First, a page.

34 Expressions for heat and work It follows that the work done on the system is given by. Doing work is the same as the weighted average change of the energy levels. E1E1 E2E2 E3E3 E1E1 E2E2 E3E3 E1E1 E2E2 E3E3 P2P2 P1P1 P1P1 P1P1 P2P2 P2P2 P3P3 P3P3 P3P3 Initial State

35 Dr Roger Bennett Rm. 23 Xtn Lecture 24

36 3-D Quantum statistics – summary We recover the ideal gas law from first principles under the assumption the particles do not interact. We have to take care about multiplying by N to scale up the single particle result to many particles. It works for the heat capacity but not for free energy or the entropy. To do it properly we need to find the partition function for an N atom quantum system.

37 Multiple particles- whats the problem? Lets re-visit the partition function for the single particle in a 3-D box. Where we have defined a new quantity n Q which is the quantum concentration. Since the particle concentration for this single atom case is 1/V we see that Z trans is the ratio of the quantum concentration to the particle concentration.

38 Quantum concentration The quantum concentration is the concentration associated with a particle in a cube whose length of side is given (roughly) by the thermal average de Broglie wavelength. For helium at room temperature the atomic concentration n = 1/V ~ cm -3 and quantum concetration n Q ~ cm -3. Thus n/n Q ~10 -6 which makes He very dilute under normal conditions.

39 Quantum concentration If the system under consideration is very dilute I.e. n Q V = n Q /n<<1 then the quantum mechanical size of the particle is much smaller than the box its effectively trapped in. If n Q V = n Q /n<<1 the gas may be considered to be in the classical regime and quantum effects can be neglected.

40 Mean energy of the particle We previously established (L19) that the mean energy of a subsystem in contact with a heat bath was given by: We have Z for our single atom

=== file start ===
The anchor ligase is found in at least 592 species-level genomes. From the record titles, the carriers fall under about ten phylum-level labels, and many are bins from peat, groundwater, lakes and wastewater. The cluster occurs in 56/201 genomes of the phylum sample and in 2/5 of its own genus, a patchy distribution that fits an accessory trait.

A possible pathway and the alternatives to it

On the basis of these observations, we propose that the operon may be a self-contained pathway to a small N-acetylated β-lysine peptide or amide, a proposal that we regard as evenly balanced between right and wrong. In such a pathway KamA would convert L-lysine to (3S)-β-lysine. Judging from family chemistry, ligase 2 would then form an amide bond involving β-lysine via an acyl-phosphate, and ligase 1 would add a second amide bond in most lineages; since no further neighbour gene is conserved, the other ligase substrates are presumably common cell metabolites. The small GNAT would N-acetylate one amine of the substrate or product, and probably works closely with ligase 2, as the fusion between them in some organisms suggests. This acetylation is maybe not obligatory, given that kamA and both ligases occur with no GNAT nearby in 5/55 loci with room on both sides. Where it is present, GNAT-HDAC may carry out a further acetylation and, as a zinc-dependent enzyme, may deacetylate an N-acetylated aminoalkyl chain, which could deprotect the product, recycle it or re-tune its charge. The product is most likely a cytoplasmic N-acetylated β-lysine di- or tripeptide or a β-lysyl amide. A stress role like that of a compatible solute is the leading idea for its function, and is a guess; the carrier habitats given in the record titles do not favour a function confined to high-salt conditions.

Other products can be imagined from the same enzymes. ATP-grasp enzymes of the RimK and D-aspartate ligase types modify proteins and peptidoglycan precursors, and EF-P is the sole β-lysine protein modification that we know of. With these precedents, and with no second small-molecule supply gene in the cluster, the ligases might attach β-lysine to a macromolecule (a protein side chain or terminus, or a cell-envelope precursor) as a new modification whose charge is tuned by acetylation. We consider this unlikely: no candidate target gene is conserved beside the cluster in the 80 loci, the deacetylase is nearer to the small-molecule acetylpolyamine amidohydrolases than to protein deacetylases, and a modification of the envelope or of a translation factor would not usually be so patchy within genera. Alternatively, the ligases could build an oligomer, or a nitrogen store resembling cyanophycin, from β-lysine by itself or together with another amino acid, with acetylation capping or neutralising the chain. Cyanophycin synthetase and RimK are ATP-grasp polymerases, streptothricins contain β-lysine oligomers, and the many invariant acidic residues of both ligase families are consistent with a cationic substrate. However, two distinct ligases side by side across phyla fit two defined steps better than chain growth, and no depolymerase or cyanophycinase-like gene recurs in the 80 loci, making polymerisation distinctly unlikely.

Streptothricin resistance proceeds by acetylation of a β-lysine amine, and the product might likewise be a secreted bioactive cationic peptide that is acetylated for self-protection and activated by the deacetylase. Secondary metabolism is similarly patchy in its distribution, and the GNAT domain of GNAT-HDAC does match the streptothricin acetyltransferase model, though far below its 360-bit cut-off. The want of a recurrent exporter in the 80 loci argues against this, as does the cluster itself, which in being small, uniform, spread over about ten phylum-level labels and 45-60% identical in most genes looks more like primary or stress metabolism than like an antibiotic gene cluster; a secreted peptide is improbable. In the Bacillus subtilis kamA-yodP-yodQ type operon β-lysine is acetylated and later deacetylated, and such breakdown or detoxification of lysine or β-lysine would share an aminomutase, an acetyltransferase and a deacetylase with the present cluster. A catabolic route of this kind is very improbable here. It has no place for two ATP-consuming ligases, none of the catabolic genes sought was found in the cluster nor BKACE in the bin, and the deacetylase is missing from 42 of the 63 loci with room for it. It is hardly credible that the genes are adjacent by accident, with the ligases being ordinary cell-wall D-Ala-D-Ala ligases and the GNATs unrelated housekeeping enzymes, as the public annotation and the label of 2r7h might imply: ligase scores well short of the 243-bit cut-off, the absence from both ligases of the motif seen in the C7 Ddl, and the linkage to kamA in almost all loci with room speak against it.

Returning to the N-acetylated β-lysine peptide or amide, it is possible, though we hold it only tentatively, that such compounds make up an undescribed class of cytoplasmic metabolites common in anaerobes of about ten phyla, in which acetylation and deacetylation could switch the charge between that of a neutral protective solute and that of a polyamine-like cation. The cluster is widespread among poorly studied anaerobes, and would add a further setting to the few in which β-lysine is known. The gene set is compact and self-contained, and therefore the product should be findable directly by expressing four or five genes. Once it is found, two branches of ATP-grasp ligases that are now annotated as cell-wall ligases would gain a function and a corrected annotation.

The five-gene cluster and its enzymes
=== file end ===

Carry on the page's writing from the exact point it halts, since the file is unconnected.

41 N atoms (at last!) Lets extend our model to N atoms in the box. Well do this in 2 stages: first we assume we can distinguish between the atoms somehow. N distinguishable particles in the box that do not interact with each other the system energy is the sum of their individual energies. The partition function is the sum of the Boltzmann factors over every possible state of the system (as always - this isn't new). These states can be found by taking every possible state of atom 1 with every possible state of atom 2 with every possible state of all the other atoms……

42 N distinguishable atoms These states can be found by taking every possible state of atom 1 with every possible state of atom 2 with every possible state of all the other atoms…… The partition function of the system is the product of the partition functions for the individual particles.

43 N distinguishable atoms - summary The partition function of the system is the product of the partition functions for the individual particles. This implies the free energy is is extensive:- If our particles were all distinguishable but had the same single particle partition function then the partition function for the system would be: